Sumter County has room for growth in its roadway impact fees charged to developers, according to a comprehensive study by Tindale Oliver, a Tampa consulting firm that specializes in transportation, community planning and public finance.
Impact fees were a major issue at two budget hearings last month and several speakers suggested the county raise impact fees instead of imposing a 25 percent property tax increase, which was approved on Sept. 24.
At Tuesday’s meeting, commissioners adopted the report completed earlier this month and set a public hearing on impact fees.ı
The public hearing was scheduled at 5 p.m. Nov. 12 at the Sumter County Courthouse in Bushnell.
Roadway impact fees are the amounts paid by developers to offset the cost of new or improved roads to serve new areas.
In retirement communities like the Villages of Southern Oaks, Sumter County currently charges impact fees of $901 per single family home and $544 per attached housing unit.
The county could charge impact fees of $2,450 for single-family homes and $1,381 for attached units in those areas, according to the study. Those fees would be justified by a calculation that includes cost, traffic volume, capacity, state and local credits and other factors.
If the county wanted to apply a cost reduction factor of 40 percent, the study said, retirement community fees still would rise to $972 per single-family home and $552 per attached unit. Applying the cost reduction could make the county more competitive with surrounding communities.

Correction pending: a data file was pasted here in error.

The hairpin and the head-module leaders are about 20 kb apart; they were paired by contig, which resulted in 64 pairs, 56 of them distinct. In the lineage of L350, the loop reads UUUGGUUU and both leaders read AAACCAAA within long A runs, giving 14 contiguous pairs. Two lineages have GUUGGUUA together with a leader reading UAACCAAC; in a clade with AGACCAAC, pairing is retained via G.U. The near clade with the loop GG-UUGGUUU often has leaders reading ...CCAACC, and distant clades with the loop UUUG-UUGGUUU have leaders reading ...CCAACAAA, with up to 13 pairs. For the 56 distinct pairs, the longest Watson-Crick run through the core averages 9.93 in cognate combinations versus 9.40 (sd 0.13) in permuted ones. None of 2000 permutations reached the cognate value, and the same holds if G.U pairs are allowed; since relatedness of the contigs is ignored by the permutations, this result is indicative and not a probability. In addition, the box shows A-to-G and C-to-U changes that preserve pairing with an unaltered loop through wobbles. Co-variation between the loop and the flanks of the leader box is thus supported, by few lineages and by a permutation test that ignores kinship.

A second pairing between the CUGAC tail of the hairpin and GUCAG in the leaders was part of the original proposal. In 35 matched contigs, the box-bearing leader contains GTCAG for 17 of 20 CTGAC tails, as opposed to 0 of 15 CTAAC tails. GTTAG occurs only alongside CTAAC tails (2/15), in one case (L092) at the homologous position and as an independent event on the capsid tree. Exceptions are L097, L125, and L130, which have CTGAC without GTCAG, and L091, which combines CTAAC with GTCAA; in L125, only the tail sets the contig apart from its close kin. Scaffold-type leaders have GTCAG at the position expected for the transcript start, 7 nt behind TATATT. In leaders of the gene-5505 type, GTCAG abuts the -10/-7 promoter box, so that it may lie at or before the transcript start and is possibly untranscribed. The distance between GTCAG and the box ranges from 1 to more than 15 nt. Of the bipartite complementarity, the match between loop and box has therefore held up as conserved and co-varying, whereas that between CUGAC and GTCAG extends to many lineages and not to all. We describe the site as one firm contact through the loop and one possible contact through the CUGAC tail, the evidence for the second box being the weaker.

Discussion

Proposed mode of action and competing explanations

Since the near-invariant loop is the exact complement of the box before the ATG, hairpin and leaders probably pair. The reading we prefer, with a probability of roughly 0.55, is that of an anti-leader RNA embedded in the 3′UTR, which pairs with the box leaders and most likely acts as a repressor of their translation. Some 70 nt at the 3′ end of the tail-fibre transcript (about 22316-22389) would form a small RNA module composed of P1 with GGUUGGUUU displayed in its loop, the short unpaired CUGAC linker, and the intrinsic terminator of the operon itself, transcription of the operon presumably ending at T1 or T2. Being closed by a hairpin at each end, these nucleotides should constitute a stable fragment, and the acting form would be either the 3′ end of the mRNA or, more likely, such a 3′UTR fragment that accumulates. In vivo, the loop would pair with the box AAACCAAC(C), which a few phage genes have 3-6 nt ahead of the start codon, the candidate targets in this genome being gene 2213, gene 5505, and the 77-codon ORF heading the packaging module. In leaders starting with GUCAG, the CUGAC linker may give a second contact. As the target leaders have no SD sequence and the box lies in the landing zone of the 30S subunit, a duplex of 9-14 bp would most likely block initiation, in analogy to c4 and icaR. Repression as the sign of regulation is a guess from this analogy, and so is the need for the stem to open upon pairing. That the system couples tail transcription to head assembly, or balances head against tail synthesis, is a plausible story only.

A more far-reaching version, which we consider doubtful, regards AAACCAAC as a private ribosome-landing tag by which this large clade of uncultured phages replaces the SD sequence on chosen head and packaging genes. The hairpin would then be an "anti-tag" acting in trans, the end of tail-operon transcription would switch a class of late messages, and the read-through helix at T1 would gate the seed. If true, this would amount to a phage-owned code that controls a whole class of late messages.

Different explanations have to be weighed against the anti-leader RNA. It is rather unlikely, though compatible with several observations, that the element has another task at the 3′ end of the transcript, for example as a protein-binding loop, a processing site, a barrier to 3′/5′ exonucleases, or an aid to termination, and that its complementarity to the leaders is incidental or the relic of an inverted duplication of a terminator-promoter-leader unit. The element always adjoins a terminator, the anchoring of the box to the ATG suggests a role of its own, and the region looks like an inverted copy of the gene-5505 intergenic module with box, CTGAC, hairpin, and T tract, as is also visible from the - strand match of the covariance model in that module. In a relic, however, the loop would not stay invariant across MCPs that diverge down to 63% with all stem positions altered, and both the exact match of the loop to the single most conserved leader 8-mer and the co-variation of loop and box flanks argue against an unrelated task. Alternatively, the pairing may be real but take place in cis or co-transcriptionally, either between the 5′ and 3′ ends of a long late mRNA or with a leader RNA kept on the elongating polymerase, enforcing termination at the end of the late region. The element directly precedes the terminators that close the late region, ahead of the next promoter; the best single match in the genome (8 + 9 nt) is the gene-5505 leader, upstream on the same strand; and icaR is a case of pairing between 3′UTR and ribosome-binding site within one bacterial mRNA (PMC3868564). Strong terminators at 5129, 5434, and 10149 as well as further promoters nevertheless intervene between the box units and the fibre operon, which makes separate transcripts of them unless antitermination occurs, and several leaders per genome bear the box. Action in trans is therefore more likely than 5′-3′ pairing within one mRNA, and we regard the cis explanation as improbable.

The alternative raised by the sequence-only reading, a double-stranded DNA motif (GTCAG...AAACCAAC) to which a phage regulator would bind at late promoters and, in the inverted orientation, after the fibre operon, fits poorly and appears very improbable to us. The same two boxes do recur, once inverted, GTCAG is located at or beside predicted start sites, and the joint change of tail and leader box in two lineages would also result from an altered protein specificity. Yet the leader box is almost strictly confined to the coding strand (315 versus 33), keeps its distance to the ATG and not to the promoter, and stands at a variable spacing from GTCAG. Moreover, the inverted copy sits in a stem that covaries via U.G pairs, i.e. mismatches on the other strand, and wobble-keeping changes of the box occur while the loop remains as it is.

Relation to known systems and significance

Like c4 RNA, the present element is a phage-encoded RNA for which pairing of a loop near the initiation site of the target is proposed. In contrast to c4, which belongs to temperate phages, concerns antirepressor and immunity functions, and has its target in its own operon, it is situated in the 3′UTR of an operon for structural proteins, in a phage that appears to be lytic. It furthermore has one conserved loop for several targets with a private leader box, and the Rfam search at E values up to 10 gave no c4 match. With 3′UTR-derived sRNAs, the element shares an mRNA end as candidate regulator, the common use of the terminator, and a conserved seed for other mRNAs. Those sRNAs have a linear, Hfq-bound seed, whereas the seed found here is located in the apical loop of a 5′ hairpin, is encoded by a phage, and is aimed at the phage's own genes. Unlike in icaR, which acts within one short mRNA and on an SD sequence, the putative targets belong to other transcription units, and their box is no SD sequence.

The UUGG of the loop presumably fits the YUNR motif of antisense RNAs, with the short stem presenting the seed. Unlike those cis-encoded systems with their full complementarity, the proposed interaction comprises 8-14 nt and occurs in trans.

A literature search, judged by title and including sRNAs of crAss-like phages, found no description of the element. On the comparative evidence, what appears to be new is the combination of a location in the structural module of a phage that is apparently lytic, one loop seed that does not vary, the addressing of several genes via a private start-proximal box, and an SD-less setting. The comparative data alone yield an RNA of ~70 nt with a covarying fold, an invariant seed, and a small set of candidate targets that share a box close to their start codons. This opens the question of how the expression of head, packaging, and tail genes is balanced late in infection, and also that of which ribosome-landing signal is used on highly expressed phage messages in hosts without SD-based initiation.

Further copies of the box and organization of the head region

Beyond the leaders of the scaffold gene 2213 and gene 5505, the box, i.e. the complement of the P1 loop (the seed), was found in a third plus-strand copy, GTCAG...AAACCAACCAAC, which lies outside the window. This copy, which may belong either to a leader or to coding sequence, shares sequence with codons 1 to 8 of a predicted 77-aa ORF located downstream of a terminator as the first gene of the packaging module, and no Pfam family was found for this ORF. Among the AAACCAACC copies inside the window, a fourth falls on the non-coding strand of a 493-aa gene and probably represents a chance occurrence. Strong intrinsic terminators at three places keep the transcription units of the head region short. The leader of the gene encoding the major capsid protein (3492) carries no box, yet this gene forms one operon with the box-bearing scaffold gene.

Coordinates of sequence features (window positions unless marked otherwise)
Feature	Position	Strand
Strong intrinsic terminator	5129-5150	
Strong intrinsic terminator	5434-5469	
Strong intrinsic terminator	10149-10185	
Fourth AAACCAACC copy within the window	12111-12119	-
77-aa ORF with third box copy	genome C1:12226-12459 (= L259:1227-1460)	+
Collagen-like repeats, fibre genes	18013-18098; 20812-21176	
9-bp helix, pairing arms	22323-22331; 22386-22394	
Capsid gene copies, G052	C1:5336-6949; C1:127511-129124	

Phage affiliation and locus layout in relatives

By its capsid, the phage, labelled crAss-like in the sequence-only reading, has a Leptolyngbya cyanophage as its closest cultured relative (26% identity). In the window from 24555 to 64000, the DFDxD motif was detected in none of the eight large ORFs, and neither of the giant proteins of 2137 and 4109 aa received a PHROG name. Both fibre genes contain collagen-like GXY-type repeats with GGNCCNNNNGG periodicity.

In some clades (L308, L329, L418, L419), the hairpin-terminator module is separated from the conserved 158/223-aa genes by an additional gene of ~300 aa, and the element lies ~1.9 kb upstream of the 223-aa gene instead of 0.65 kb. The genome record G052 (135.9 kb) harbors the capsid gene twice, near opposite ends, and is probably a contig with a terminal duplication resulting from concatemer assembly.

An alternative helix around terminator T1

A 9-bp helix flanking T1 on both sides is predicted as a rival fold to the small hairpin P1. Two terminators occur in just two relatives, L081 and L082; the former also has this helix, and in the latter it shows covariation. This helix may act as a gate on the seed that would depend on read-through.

Other nearby counties also offer reduced rates, although a speaker at one of last month’s hearings said impact fees for a single-family home in Collier County, which includes Marco and Naples, are $20,000 for a single-family home.
The Sumter County impact fees for single-family homes outside retirement communities would be $6,664 per home or $2,666 at the reduced rate. The current fee is $2,600.
Commissioners also approved a request for bank proposals to provide a $22.6-million loan, which County Administrator Bradley Arnold said will be used primarily for two road construction projects – County Road 525 East near U.S. 301, which serves an industrial area, and the extension of Buena Vista Boulevard south of State Road 44.
Road construction costs provided justification for the 25 percent property tax hike, but borrowing money will allow the county to build the roadways sooner, officials said.
At Tuesday’s meeting, Commissioner Doug Gilpin also gave a vigorous defense of his employment by T&D Concrete, a key company in the expansion of The Villages.
Gilpin came under attack, although not by name, during the public forum at Tuesday’s meeting and at last month’s budget hearings.
“I have always abstained (from voting) when there was any possible conflict,” he said, adding that the company does “a lot of good work and provides a lot of good jobs.”
He said the company has served the county for more than 20 years and has been involved in many charitable activities.